While your car premium might go up the faster your car gets, studies show that the most common vehicular accidents don’t even involve crashing. Most of them can happen while you’re still in the garage and your keys aren’t in the ignition yet. Read on to find out if you’re being careful enough, or if you’re actually part of this odd statistic.
1. Closing the Door
According to the Forbes studies, the most common injuries involving cars happen when you’re closing the door. Apparently, even the smartest drivers who can dodge an oncoming death truck are likely to injure their hands when closing the door. About 148,000 Americans hurt their hands this way, ranging from a crushed finger to broken bones on the entire hand.
It takes about seven pounds of pressure to break a bone and if you slam the door shut on a finger, it just goes to show how attentive you are.
While this sounds odd, the second most common injury that happens to car owners is overexertion. How is this possible? People can suffer from heat stroke or cardiac arrests while they’re trying to unload a car. Half of the time, this happens when they’re trying to push a stranded vehicle using their own muscles and will power, too. Have you ever heard of a tow truck? Surprisingly, 84,000 Americans report this injury.
If you’re stranded in the middle of a desert, though, it’s easy to see how this can be possible. Even if you’re unloading heavy objects out of your vehicle, and there’s no other way to do it but to do it yourself, the best way for you to avoid overexertion is to pace. You should never try to life objects that are too heavy for you, either. You should use a cart to transport heavy boxes and bags or try to have someone lift it with you.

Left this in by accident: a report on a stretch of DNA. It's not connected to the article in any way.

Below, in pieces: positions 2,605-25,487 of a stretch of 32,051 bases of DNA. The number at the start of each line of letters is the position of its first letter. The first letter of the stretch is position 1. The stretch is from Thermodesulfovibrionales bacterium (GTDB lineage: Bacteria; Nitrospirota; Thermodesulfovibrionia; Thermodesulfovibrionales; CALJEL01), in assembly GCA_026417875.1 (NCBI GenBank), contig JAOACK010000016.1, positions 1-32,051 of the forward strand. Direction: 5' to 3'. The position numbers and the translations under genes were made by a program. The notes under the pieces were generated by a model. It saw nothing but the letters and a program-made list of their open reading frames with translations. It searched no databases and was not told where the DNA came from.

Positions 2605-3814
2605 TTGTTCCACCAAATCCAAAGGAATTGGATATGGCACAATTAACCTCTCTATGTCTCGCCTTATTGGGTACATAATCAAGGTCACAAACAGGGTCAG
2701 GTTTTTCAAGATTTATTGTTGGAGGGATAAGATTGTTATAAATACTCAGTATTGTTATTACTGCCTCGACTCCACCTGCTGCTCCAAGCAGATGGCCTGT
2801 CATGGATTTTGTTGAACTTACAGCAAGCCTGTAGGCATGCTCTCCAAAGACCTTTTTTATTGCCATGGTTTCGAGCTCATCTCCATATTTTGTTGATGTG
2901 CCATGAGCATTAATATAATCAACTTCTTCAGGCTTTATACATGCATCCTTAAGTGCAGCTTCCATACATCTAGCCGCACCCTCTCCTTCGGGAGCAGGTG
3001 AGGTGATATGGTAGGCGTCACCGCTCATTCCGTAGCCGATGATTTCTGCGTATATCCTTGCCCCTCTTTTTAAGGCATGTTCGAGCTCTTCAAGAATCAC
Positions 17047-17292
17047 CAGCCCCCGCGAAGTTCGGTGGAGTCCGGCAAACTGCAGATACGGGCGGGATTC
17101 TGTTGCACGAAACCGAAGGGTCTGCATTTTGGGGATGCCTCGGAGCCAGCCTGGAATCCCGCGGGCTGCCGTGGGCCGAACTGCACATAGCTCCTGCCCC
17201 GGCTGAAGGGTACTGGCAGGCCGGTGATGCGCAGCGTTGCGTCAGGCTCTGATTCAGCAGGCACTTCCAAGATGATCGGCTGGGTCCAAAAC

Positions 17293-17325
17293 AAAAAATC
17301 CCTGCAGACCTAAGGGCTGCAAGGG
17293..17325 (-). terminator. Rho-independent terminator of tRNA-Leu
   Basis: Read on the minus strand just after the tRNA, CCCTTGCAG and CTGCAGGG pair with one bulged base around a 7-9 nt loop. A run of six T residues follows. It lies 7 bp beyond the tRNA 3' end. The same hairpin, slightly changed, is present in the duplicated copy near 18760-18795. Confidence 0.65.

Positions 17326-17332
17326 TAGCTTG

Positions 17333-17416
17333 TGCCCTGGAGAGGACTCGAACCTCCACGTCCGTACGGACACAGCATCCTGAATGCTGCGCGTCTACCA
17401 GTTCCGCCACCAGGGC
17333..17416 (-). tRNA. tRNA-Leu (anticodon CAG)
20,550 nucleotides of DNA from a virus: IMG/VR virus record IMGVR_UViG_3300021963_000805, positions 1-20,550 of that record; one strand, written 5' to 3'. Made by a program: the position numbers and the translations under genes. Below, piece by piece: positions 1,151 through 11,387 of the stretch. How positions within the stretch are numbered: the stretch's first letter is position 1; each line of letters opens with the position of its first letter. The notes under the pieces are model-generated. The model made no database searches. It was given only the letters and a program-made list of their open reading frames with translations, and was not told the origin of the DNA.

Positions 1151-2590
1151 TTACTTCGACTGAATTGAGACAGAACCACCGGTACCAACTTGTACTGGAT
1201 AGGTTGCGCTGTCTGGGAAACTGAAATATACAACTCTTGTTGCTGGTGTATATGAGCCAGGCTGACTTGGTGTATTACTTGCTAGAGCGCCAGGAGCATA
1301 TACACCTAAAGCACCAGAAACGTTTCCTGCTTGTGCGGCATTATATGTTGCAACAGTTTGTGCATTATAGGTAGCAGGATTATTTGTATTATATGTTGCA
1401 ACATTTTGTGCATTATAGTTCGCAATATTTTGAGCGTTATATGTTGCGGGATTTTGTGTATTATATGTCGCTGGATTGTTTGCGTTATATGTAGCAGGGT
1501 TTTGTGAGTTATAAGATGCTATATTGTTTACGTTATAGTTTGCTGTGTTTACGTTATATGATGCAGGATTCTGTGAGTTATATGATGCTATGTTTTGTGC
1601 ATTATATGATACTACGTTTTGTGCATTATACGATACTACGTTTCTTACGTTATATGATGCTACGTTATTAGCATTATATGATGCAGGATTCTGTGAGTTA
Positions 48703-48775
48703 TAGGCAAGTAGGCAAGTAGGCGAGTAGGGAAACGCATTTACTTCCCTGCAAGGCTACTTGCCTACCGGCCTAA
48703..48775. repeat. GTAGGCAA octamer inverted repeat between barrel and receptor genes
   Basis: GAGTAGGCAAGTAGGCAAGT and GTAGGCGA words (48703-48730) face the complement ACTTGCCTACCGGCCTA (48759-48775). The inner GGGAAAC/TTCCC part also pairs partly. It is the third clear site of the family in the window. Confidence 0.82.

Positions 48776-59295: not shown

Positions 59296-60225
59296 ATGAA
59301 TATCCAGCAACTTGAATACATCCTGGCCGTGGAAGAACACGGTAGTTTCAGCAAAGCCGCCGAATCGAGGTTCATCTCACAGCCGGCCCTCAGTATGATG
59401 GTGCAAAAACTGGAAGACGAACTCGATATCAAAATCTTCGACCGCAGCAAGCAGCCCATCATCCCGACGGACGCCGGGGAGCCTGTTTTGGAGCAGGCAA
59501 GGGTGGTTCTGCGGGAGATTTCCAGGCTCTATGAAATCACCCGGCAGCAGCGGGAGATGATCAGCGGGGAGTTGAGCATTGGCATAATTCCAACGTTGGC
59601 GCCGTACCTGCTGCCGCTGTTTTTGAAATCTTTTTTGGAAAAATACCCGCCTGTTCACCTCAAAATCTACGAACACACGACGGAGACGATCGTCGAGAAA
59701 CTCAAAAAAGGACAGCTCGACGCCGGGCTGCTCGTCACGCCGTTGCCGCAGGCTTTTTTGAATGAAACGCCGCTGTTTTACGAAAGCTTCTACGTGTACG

3. Falling off the Vehicle
The third most common injury is no laughing matter, and it’s mostly the driver’s fault. People who take cabs are prone to this accident. About 84,000 Americans get injured this way every year and the injuries range from cuts and broken bones caused by falling. This also makes up the largest portion of non-traffic accidents involving cars in the USA.
4. Getting Hit by a Vehicle
About 74,000 Americans are reported to be hit by a vehicle every year. Sometimes, it’s not even because the driver was pumping too much on the gas. Even at legal speeds, accidents like this can happen simply because every car or truck has its own blind spots. A lot of factors come into play including the mirrors, the shape of a car’s window, the height of the driver’s seat, and even the angle that a hill or driveway inclines.
Sadly, a huge number of accidents caused by vehicular blind spots while backing up are elderly and children. It’s very important for the driver to know just where these blind spots are so that s/he can take the needed precautions.
5. Getting Cut by a Loose Metal
Your car is certainly not made of cotton-soft cushions and baby-roof edges. Most likely, especially if you own an old vehicle, you’ll get cut by something sharp sticking out of your car’s metal body. Just to prove this theory, an average of 68,000 Americans report cuts every year caused by loose car parts. While you’re repairing your vehicle, there’s a 90% chance that you’ll scrape yourself against an unfinished edge.